Autumn, my favorite season of the year, is now in full swing. Cooler weather and UTEP football games are welcome reminders that the holiday season is coming soon. While we’re a long distance from New England’s illustrious fall foliage, a few of our local trees’ leaves are even turning yellow, orange, and brown. And … it’s also the time for an important but less glorious ritual, the annual flu vaccine.
The Centers for Disease Control and Prevention (CDC) encourage everyone older than six months of age to get the seasonal flu vaccine. Covering your cough and washing your hands are important ways to prevent the spread of germs, but, vaccines continue to be the best tool we have to prevent influenza. This is especially true for people who are at higher risk of serious complications, including: pregnant women, adults 65 years of age and older, and children under five.
“Flu” refers to illnesses caused by different influenza viruses. Symptoms of flu include fever, coughing, sore throat, runny or stuffy nose, headaches, chills and fatigue. Each year 5-20 percent of the U.S. population gets the flu. Most people recover, but certain people are at risk for serious complications, can be hospitalized, and may die. On average, about 20,000 people in the U.S. die annually due the flu. The flu season usually peaks in February, but can extend as late as May.
Now the good news … Unlike last flu season, when we needed to get two vaccines (the 2009 H1N1 and the seasonal vaccine), this year we only need one, the seasonal vaccine. The viruses in the vaccine change each year based on international data and scientists’ estimations of what strains of viruses will circulate in a given year. The 2010-2011 seasonal flu vaccine protects against three influenza viruses, including the 2009 H1N1 virus. Research indicates that these viruses will be most common during the upcoming months.
Some may be concerned that the flu vaccine can make you sick. Flu vaccines have a strong safety track record. While it is possible to have a reaction to the vaccine, hundreds of millions have received the seasonal flu vaccine over the years.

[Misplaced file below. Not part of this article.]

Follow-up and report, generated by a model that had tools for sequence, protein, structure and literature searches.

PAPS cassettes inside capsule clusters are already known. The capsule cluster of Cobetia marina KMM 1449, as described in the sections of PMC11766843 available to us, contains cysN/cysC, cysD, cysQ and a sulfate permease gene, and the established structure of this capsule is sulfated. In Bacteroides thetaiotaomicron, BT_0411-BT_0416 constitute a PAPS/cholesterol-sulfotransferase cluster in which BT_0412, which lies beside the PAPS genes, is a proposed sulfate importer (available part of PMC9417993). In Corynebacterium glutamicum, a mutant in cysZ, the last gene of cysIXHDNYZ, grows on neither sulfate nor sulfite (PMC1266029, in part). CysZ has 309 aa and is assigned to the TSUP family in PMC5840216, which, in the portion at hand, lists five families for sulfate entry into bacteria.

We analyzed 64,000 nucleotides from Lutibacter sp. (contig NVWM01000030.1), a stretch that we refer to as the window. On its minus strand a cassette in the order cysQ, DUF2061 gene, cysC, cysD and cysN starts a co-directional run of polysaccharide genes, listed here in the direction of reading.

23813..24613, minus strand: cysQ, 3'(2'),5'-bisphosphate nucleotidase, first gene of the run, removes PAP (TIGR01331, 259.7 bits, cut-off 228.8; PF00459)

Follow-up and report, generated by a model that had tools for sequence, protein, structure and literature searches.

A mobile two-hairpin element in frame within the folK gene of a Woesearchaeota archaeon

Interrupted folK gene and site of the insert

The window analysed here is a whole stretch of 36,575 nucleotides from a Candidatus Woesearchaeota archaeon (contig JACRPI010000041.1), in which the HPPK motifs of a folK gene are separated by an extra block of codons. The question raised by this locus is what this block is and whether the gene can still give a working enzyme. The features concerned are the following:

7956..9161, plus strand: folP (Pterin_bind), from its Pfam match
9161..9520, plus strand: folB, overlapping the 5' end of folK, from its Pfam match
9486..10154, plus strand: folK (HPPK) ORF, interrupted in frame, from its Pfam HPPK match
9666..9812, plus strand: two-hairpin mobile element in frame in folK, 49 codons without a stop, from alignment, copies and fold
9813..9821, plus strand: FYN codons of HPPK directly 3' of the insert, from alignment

It is easy to get a flu shot. The vaccine is administered in two forms: the “flu shot” and the nasal spray. You can get the vaccine from your primary healthcare provider and many pharmacies in our community. Immunize El Paso travels around the El Paso area and administers the flu vaccine at schools, churches, and recreation centers on an ongoing basis. They also provide immunizations at the downtown Tillman Health Center (222 South Campbell Street, basement floor). For Immunize El Paso’s latest calendar of events, go to the website www.immunizeelpaso.org.
Within weeks, the holidays will be upon us. Getting the flu is a quick way to dampen the holiday spirit. Trust me, the eggnog’s not quite as satisfying when you have the flu. Getting vaccinated now is an easy way to ensure that your family enjoys a health holiday season.
For information on El Paso area locations where you can receive the flu vaccine:
General information on the flu and the vaccine:
The City of El Paso Public Health Department’s webpage:
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December 14, 2017
Community advocates recently gathered for a luncheon, hosted by A Smoke Free Paso del Norte, to celebrate El Paso’s 15 years of a smoke-free environment. In 2002, El Paso became the first Texas city to adopt a Clean Indoor Air Ordinance.
A Smoke Free Paso del Norte, an initiative of the Paso del Norte Health Fou…